A good ground of hope for his own salvation has he who, with true zeal, labours for the salvation of souls. "Have you saved a soul?" says St. Augustine, "then you have predestinated your own." The Holy Ghost promises: When thou shalt pour out thy soul to the hungry, and shalt satisfy the afflicted soul ... the Lord will fill thy soul with brightness ... and thou shalt be like a watered garden, and like a fountain of water whose waters shall not fail (Is. lviii. 10, 11). In this -- namely, in procuring the salvation of others -- St. Paul placed his hope of eternal salvation, when he said to his disciples of Thessalonica: For what is our hope, or joy, or crown of glory? Are not you, in the presence of our Lord Jesus Christ at his coming? (1 Thess. ii. 19).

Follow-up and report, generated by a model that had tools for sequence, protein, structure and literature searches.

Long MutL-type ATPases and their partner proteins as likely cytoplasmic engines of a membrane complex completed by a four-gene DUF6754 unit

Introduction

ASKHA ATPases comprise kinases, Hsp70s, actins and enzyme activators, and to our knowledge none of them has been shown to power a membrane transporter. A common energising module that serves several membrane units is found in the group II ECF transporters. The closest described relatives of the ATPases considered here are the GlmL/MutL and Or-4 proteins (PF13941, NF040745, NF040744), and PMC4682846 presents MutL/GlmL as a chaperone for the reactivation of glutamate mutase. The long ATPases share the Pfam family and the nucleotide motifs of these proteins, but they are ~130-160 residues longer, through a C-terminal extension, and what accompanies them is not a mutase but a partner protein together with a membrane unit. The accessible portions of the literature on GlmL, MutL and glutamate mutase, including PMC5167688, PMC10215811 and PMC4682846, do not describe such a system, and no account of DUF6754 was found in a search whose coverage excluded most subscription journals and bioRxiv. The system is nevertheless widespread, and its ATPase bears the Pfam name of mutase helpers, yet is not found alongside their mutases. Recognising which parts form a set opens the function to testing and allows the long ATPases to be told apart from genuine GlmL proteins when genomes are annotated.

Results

Behold, O Jesus, I offer Thee all my labours and my blood, and even my life in order to obey Thee. Nor do I in this seek to gratify my own inclination, or to gain the applause and esteem of men; I desire nothing but to see Thee loved by all as Thou deservest. I prize my happy lot, and call myself fortunate, that Thou hast chosen me for this great work, in which, I now protest that I renounce all the praise of men and all self-satisfaction, and seek only Thy glory. To Thee be all the honour and satisfaction, and to me only the discomfort, the blame, and the reproach. Accept, O Lord, this offering which I, a miserable sinner, who wish to love Thee and to see Thee loved by others, make of myself to Thee, and give me strength to do what I desire.